2015 ORS 161.267¹
Use of physical force by corrections officer or official employed by Department of Corrections

(1) As used in this section:

(a) "Colocated minimum security facility" means a Department of Corrections institution that has been designated by the Department of Corrections as a minimum security facility and has been located by the department on the grounds of a medium or higher security Department of Corrections institution.

(b) "Department of Corrections institution" has the meaning given that term in ORS 421.005 (Definitions).

(c) "Stand-alone minimum security facility" means a Department of Corrections institution that has been designated by the department as a minimum security facility and that has been located by the department separate and apart from other Department of Corrections institutions.

(2) A corrections officer or other official employed by the Department of Corrections is justified in using physical force, including deadly physical force, when and to the extent that the officer or official reasonably believes it necessary to:

(a) Prevent the escape of an inmate from a Department of Corrections institution, including the grounds of the institution, or from custody;

(b) Maintain or restore order and discipline in a Department of Corrections institution, or any part of the institution, in the event of a riot, disturbance or other occurrence that threatens the safety of inmates, department employees or other persons; or

(c) Prevent serious physical injury to or the death of the officer, official or another person.

(3) Notwithstanding subsection (2)(a) of this section, a corrections officer or other official employed by the department may not use deadly physical force to prevent the escape of an inmate from:

(a) A stand-alone minimum security facility;

(b) A colocated minimum security facility, if the corrections officer or other official knows that the inmate has been classified by the department as minimum custody; or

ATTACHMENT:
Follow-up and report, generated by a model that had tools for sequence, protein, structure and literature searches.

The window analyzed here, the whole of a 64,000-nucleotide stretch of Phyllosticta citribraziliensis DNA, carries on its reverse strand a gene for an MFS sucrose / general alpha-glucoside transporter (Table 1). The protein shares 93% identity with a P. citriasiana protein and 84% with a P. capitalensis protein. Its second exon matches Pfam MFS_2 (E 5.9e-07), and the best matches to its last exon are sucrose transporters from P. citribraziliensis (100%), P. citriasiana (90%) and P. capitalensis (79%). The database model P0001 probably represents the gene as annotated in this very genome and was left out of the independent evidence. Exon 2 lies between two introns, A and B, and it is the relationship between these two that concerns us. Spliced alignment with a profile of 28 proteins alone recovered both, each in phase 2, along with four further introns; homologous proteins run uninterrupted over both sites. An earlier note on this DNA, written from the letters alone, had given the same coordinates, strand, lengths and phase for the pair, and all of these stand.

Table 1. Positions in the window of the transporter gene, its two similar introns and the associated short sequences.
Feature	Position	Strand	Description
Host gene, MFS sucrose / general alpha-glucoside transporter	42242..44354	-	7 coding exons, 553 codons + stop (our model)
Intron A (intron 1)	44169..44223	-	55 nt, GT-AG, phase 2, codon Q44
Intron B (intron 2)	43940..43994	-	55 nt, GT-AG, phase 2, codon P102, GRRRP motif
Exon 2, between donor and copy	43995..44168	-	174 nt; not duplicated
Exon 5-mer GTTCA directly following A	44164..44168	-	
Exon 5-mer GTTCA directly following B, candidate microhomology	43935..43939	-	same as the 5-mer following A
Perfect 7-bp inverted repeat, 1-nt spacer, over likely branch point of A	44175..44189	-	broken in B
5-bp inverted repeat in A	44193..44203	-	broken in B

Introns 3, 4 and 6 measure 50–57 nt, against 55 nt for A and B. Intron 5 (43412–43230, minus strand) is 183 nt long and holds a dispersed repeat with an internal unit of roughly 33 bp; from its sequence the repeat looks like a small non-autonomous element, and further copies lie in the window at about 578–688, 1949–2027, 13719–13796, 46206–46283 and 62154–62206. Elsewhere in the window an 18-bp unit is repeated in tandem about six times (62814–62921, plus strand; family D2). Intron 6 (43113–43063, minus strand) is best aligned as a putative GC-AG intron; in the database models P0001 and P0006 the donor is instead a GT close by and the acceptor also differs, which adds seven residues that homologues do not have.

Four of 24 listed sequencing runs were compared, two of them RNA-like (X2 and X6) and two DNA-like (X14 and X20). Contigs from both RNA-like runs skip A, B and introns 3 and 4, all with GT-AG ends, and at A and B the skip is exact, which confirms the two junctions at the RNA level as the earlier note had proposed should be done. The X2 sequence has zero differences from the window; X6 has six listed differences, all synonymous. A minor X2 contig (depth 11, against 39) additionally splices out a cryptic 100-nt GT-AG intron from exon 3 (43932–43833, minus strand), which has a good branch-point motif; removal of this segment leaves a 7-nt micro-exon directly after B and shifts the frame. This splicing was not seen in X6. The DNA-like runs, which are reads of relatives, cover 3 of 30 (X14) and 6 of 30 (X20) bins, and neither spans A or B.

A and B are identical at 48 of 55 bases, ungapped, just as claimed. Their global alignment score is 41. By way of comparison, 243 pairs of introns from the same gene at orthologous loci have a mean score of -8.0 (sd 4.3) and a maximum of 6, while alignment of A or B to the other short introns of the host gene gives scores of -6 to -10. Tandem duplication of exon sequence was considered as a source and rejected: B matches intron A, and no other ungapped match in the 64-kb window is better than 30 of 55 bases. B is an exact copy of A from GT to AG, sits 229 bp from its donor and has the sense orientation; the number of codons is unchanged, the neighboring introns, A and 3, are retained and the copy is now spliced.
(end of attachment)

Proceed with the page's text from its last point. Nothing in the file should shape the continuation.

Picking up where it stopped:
(c) Custody outside of a Department of Corrections institution:

(A) While the inmate is assigned to an inmate work crew; or

(B) During transport or other supervised activity, if the inmate is classified by the department as minimum custody and the inmate is not being transported or supervised with an inmate who has been classified by the department as medium or higher custody.

(4) Nothing in this section limits the authority of a person to use physical force under ORS 161.205 (Use of physical force generally) (2) or 161.265 (Use of physical force to prevent escape). [2005 c.431 §2]

Chapter 161

Notes of Decisions

A juvenile court adjudica­tion of whether or not a child committed acts which would be a crim­i­nal viola­tion if committed by an adult must necessarily include an adjudica­tion of all af­firm­a­tive de­fenses that would be available to an adult being tried for the same crim­i­nal viola­tion. State ex rel Juvenile Dept. v. L.J., 26 Or App 461, 552 P2d 1322 (1976)

Law Review Cita­tions

2 EL 237 (1971); 51 OLR 427-637 (1972)

Chapter 161

Criminal Code

(Generally)

Notes of Decisions

Legislature's adop­tion of 1971 Criminal Code did not abolish doctrine of transferred intent. State v. Wesley, 254 Or App 697, 295 P3d 1147 (2013), Sup Ct review denied


1 Legislative Counsel Committee, CHAPTER 161—General Provisions, https://­www.­oregonlegislature.­gov/­bills_laws/­ors/­ors161.­html (2015) (last ac­cessed Jul. 16, 2016).
 
2 Legislative Counsel Committee, Annotations to the Oregon Revised Stat­utes, Cumulative Supplement - 2015, Chapter 161, https://­www.­oregonlegislature.­gov/­bills_laws/­ors/­ano161.­html (2015) (last ac­cessed Jul. 16, 2016).
 
3 OregonLaws.org assembles these lists by analyzing references between Sections. Each listed item refers back to the current Section in its own text. The result reveals relationships in the code that may not have otherwise been apparent.